Policy Surveillance Program

Legal Maps and Training

The Policy Surveillance Program: A LawAtlas Project is dedicated to increasing the use of policy surveillance and scientific legal mapping as tools for improving the nation’s health.

LawAtlas.org, the program’s website, is home to more than 70 legal maps, with more added regularly. At LawAtlas.org, visitors can download all the data for free, along with scientific codebooks, protocols and reports.

The Policy Surveillance Program team and our partners produce and update scientific legal mapping datasets spanning a wide variety of public health topics, including scope of practice laws for nurse practitioners, dental hygienists, and registered nurses, minimum wage laws from 1980 to present, laws governing patient-centered medical homes, diabetes self-management training and education, oil and gas production related to fracking, OSHA regulations in industries like agriculture and construction, and many more.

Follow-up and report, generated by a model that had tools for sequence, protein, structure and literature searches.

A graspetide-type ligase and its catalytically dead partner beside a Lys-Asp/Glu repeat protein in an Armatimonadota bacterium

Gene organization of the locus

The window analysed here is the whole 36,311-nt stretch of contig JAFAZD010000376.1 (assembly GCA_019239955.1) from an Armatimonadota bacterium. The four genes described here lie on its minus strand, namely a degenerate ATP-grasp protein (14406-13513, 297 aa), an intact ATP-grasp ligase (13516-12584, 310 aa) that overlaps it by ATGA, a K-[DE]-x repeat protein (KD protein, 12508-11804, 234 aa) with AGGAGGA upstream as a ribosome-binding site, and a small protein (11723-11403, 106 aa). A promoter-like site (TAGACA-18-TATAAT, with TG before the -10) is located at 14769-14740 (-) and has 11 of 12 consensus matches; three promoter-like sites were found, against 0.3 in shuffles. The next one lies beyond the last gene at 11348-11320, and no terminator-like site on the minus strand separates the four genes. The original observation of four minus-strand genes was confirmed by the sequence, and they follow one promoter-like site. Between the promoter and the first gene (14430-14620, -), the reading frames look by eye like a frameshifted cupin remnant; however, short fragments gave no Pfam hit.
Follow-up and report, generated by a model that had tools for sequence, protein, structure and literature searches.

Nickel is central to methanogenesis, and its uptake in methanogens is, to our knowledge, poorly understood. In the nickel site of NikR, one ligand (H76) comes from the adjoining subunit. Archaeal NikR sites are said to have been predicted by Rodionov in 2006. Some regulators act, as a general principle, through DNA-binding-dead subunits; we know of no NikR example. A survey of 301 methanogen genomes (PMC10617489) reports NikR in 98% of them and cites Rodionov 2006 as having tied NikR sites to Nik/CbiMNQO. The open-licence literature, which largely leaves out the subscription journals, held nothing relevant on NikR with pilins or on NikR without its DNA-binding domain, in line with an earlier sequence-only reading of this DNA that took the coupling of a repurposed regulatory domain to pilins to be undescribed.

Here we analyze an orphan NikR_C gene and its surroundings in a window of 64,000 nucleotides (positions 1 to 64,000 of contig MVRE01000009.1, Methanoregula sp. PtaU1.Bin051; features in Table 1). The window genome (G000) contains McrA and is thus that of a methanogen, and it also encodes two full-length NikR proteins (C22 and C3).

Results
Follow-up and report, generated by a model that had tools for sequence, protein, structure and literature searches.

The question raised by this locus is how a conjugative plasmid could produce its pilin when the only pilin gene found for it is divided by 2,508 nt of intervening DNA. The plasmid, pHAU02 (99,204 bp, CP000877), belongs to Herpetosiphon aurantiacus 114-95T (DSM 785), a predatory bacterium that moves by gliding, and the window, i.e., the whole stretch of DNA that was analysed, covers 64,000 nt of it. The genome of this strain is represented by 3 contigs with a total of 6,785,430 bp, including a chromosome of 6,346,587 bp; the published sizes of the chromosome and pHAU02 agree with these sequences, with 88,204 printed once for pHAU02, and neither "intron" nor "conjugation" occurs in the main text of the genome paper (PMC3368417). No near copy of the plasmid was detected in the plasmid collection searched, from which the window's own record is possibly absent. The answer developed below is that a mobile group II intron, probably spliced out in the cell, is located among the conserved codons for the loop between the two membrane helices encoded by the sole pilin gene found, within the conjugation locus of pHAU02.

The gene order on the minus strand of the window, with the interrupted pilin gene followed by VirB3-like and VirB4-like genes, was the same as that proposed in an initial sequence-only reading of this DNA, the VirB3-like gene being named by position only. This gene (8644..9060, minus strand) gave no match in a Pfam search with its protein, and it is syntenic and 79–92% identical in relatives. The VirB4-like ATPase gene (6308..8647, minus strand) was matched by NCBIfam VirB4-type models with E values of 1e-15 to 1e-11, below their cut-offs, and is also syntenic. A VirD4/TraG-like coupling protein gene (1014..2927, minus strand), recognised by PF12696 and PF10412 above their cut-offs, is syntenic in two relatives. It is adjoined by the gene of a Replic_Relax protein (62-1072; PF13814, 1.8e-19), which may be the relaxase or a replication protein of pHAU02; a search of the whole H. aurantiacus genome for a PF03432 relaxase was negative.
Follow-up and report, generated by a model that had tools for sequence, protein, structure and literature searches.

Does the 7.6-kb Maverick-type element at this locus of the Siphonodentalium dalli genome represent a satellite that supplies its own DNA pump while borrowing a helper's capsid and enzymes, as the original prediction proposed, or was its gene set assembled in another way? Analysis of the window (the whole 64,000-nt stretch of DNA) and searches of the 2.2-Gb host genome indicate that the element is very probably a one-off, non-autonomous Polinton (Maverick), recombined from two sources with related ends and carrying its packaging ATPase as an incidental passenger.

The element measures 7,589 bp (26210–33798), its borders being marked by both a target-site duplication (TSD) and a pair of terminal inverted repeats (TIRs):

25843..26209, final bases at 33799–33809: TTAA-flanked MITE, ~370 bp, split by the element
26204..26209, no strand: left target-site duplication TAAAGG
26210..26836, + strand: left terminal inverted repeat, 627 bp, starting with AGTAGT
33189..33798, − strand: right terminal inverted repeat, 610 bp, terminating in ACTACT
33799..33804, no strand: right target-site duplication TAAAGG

LawAtlas.org is home to a comprehensive series of training modules in its Learning Library. The modules, which include video presentations and downloadable resources, teach all the steps involved in a policy surveillance project.

The Policy Surveillance Program also hosts monthly training webinars, and an annual Summer Institute in June.

The Policy Surveillance Program is funded by the Robert Wood Johnson Foundation. Funding for individual datasets has been provided by funders including the US Centers for Disease Control and Prevention, the US National Institutes of Health, the Hopewell Fund, and others.

About Policy Surveillance

Policy surveillance is the systematic, scientific collection and analysis of laws of public health significance. It is a form of legal mapping that creates data suitable for use in rigorous evaluation studies. Policy surveillance addresses the chronic lack of readily accessible, nonpartisan information about status and trends in health legislation and policy, it provides the opportunity to build policy capacity in the public health workforce, and it can speed the diffusion of innovation.

  • Visit LawAtlas.org to access datasets and training materials.
  • Read a paper by Scott Burris and others tracing the emergence of policy surveillance over the past 50 years, showing its value, and identifying major challenges ahead.
  • Access research on CDC’s use of policy surveillance.